The CHAIRMAN (Mr. Adermann).Order! I remind the honorable gentleman that the Tariff Board was dealt with when the committee debated the proposed vote for the Department of Trade.

Mr DALY - I thought I could deal with the matter under the proposed vote for Miscellaneous Services. I appreciate your generosity, Mr. Chairman. May I protect you by saying that I was merely making a passing reference to the matter! I content myself by saying that I bring that particular case to the notice of the Minister for Trade and the department under his administration. I ask that it be fully reviewed.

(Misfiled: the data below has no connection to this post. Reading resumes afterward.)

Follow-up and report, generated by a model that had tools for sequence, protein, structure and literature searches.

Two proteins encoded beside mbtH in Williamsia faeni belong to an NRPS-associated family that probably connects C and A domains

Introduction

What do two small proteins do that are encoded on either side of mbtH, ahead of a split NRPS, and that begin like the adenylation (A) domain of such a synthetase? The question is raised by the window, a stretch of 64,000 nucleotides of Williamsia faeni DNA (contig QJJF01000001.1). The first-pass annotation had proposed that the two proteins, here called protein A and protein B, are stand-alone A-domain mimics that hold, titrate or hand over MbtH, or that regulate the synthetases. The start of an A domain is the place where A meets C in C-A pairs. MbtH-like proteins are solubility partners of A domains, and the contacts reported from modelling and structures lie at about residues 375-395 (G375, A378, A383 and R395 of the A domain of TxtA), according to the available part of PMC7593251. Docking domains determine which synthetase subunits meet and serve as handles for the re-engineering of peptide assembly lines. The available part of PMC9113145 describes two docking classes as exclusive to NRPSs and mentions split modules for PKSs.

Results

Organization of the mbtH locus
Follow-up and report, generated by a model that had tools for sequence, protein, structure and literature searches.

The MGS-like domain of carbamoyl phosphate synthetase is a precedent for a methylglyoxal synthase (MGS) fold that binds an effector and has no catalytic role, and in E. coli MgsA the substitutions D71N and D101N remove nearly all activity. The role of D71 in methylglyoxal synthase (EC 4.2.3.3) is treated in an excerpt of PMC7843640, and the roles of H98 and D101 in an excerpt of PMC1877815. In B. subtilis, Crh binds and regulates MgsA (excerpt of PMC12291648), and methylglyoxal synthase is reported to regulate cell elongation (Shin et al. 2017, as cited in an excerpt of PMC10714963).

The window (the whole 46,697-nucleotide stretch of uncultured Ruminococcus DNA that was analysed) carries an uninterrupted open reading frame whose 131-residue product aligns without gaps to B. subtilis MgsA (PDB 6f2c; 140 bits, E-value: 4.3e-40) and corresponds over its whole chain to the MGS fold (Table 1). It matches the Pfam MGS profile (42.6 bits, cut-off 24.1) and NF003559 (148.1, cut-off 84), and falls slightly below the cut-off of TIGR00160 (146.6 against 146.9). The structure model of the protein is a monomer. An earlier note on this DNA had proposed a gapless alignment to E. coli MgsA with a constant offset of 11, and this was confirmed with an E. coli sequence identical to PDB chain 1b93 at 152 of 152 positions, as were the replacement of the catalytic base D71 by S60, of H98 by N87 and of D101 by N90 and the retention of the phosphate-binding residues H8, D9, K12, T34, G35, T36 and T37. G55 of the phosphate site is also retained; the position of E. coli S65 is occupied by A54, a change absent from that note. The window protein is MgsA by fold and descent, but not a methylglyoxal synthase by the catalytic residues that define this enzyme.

Earlier to-day, the honorable member for Swan (Mr. Cleaver) dealt with the subject of national fitness. I was a member of the Social Security Committee which travelled throughout Australia and inquired into the question of national fitness. It can be truthfully said that the only real assistance that has been given to the national fitness campaign was rendered by the Chifley Labour Government, because since that time successive anti-labour governments have been disinterested in this important aspect of our national welfare. This Government might well step up the amount of money that is granted for the campaign. I hope that the dreams of the honorable member for Swan are fulfilled, but, having looked at the record of this Government, I am not certain that one of its last acts before Labour assumes the reins of government will be to do as he wishes. If this Government will not give pensioners an increase of pension, they being the most deserving section of the community, I can hardly see how it will bother to look after the youth of the community generally. 1 conclude by asking the Government to take action on the first two matters that I raised, because grave hardship and suffering are being caused to the persons concerned. Both matters are deserving of attention, and I ask the Government to take note of my comments.